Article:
One popular way to express negative reactions is through memes – like the one we see in Sen. Mark Udall’s Buzzfeed piece:

This meme completely ignores the idea of female bosses though, and fails to take their opinions into account. Isn’t that more discriminatory to women? Isn’t it more discriminatory to women to put them all in the same bubble, to assume that they all have the same thoughts on contraception – not just about using it, but also on who should pay for it?

Helen Alvaré of Women Speak for Themselves, thinks putting women in such a bubble is discriminatory, and offers a refreshing piece to address and correct the concerns of those dissenting, both on the bench and in the public square.

In a further move against Hobby Lobby, dissenting politicians made a political move, which has since been defeated.

Though Senator Harry Reid still has not allowed a vote on a House-approved bill to limit abortions past 20-weeks, he was more than eager to vote on a bill which would have overturned the Court’s decision.  As it turned out, the “Not My Boss’ Business Act,” was blocked from being put forward to a vote.

Many in the Democrat Party have misspoke about Hobby Lobby, often in an embarrassing manner, when they should know better.

The Washington Post, which says “we obviously take no position on the Supreme Court opinion[,]” offers a thoughtful piece on what has been said by Democrats with regards to the decision. With “Democrats on Hobby Lobby: ‘Misspeaks,’ ‘opinion’ and overheated rhetoric,”  The Post provides an example of an objective source pointing out that perhaps Democrats have taken their disappointment too far.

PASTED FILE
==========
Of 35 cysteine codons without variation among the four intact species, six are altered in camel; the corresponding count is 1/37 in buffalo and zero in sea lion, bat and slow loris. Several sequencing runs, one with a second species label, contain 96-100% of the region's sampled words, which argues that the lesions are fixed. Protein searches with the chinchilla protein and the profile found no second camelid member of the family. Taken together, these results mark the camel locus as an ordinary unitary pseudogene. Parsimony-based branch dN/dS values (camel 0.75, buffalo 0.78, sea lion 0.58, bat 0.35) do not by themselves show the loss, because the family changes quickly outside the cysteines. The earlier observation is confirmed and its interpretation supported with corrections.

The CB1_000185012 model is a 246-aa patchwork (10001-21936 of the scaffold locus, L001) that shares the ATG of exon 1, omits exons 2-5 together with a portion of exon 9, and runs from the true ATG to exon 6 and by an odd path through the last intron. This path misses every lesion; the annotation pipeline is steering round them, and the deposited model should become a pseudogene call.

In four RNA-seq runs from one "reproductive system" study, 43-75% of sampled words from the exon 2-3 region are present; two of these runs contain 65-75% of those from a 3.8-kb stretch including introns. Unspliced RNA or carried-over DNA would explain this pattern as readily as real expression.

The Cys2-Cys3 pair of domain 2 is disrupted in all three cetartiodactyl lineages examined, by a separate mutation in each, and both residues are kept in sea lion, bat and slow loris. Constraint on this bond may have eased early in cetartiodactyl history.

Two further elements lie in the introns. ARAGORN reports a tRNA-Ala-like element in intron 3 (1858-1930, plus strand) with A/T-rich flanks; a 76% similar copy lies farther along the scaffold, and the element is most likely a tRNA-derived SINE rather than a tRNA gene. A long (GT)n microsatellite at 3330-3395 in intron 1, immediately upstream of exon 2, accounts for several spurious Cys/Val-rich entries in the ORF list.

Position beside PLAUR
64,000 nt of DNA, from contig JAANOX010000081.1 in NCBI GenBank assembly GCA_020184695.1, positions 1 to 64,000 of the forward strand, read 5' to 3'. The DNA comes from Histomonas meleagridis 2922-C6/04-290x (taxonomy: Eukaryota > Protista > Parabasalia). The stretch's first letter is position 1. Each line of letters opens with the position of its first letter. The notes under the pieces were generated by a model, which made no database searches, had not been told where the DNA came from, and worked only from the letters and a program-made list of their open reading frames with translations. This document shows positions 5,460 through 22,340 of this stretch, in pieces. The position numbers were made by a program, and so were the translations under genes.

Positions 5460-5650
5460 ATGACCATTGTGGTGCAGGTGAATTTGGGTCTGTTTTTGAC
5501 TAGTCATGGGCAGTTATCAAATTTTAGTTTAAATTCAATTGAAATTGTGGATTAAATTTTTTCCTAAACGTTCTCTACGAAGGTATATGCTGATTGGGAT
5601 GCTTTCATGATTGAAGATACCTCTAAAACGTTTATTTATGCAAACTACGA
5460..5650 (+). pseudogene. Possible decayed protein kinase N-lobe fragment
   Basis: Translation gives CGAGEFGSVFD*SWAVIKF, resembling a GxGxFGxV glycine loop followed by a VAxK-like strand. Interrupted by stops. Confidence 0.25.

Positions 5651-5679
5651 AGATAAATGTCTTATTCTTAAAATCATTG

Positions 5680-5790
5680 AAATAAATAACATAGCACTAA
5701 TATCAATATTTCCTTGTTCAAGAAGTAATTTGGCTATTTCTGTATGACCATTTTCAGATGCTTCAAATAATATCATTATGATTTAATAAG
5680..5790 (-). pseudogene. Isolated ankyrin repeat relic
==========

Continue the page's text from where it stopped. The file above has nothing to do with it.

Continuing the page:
The piece analyzes statements made by various Democrats. Explanations range from issuing corrections and admitting mistakes, to claims that such comments are open to interpretation.

Perhaps the most embarrassing is Harry Reid’s comment that mentions, with emphasis added:

[t]he one thing we are going to do during this work period, sooner rather than later, is to ensure that women’s lives are not determined by virtue of five white men…

Such a mistake – as Justice Clarence Thomas is African-American –  was not only embarrassing, but easily avoidable. The mistake could have been further prevented by ignoring gender completely. Nancy Pelosi’s remarks were also addressed by The Post, when she said:

“Really, we should be afraid of this court.  The five guys who start determining what contraceptions are legal. Let’s not even go there.”

While there are no mistakes on race here, the Court in no way “determin[ed] what contraceptions are legal.” It is also far-reaching to not only misinterpret a court decision, but to claim “we should be afraid of…” those on the court.

And what is worth pointing out when it comes to gender is that the case which created a so-called right to abortion, was decided by all men too, as mentioned by Jonathon Van Maren for LifeSiteNews.com, with original emphasis:

The Supreme Court Justices voting in favor of Hobby Lobby were all male! Uh, so were the justices who legalized abortion—and I wasn’t aware that arguments had genitals?

Van Maren makes an amusing, but nevertheless true point as to why we need not consider the gender of those who make decisions.

While it is understandable for those who disagree with the Court’s decision on extending religious freedom to companies like Hobby Lobby – which is what this case was always about – to express their disappointment, there is a distinction between disappointment and deceit. And, as even objective sources – such as The Washington Post – would point out, perhaps those in power are taking their reactions too far.